Abraham was the doctor who recommended that Rosenberg see a lymphedema specialist after she dislocated her hip in his office during a post-operation surgery appointment.
“I don’t think there’s ever been a case of lymphedema-related dislocation,” Abraham said, everyone in the room laughing about Rosenberg’s penchant for having rare medical conditions.
They eventually concluded that excess weight on her leg from lymphemdema was preventing her hip from staying in the socket. Since Rosenberg started treatment with Chang, the two physicians started working side-by-side with more patients.
Abraham even started working at Fox Chase one day a week and said there might be a joint paper with Chang in the future. Chang said Abraham helps bring in lymphedema patients such as Rosenberg who might not have come to Fox Chase before.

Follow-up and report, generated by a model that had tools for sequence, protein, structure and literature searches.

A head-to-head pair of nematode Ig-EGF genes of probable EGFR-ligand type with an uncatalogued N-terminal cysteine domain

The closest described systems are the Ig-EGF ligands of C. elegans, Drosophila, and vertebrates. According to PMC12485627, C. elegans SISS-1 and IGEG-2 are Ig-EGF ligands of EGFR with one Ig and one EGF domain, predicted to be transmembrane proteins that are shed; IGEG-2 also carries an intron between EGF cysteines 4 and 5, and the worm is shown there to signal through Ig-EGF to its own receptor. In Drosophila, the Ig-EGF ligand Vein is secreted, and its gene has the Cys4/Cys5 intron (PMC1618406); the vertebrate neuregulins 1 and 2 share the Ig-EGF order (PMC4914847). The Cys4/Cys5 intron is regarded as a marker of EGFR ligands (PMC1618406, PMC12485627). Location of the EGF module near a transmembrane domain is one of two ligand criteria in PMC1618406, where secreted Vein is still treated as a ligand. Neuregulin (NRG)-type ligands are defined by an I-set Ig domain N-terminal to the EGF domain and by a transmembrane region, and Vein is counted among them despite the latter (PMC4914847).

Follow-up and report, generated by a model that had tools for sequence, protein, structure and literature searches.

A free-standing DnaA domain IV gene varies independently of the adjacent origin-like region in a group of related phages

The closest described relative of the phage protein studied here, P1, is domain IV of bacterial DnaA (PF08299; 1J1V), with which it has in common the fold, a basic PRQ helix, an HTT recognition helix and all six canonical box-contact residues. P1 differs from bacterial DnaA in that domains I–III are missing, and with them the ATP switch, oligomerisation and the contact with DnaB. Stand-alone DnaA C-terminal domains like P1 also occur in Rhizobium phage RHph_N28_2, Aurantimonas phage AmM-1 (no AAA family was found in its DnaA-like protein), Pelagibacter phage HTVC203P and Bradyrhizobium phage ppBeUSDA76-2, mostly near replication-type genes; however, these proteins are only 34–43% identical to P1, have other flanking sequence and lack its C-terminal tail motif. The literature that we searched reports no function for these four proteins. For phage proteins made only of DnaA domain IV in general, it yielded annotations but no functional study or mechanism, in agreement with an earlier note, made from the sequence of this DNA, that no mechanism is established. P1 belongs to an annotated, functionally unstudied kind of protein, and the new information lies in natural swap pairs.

“I didn’t know some types of procedures were even available before for lymphedema,” Abraham said. “I’ve definitely learned a lot from working with Eric.”
Rosenberg hopes to one day work as a computer programmer at a cancer center, where she can help physicians model cancer trajectories and outcomes. For now, she’s taking it one scientific study at a time.
“This project was a match made in heaven for me, leading to the fulfillment of a lifelong dream of researching oncology conditions in collaboration with various medical professionals,” Roseberg said. “Sometimes you need to see things from a different point of view and understand what questions need to be asked.”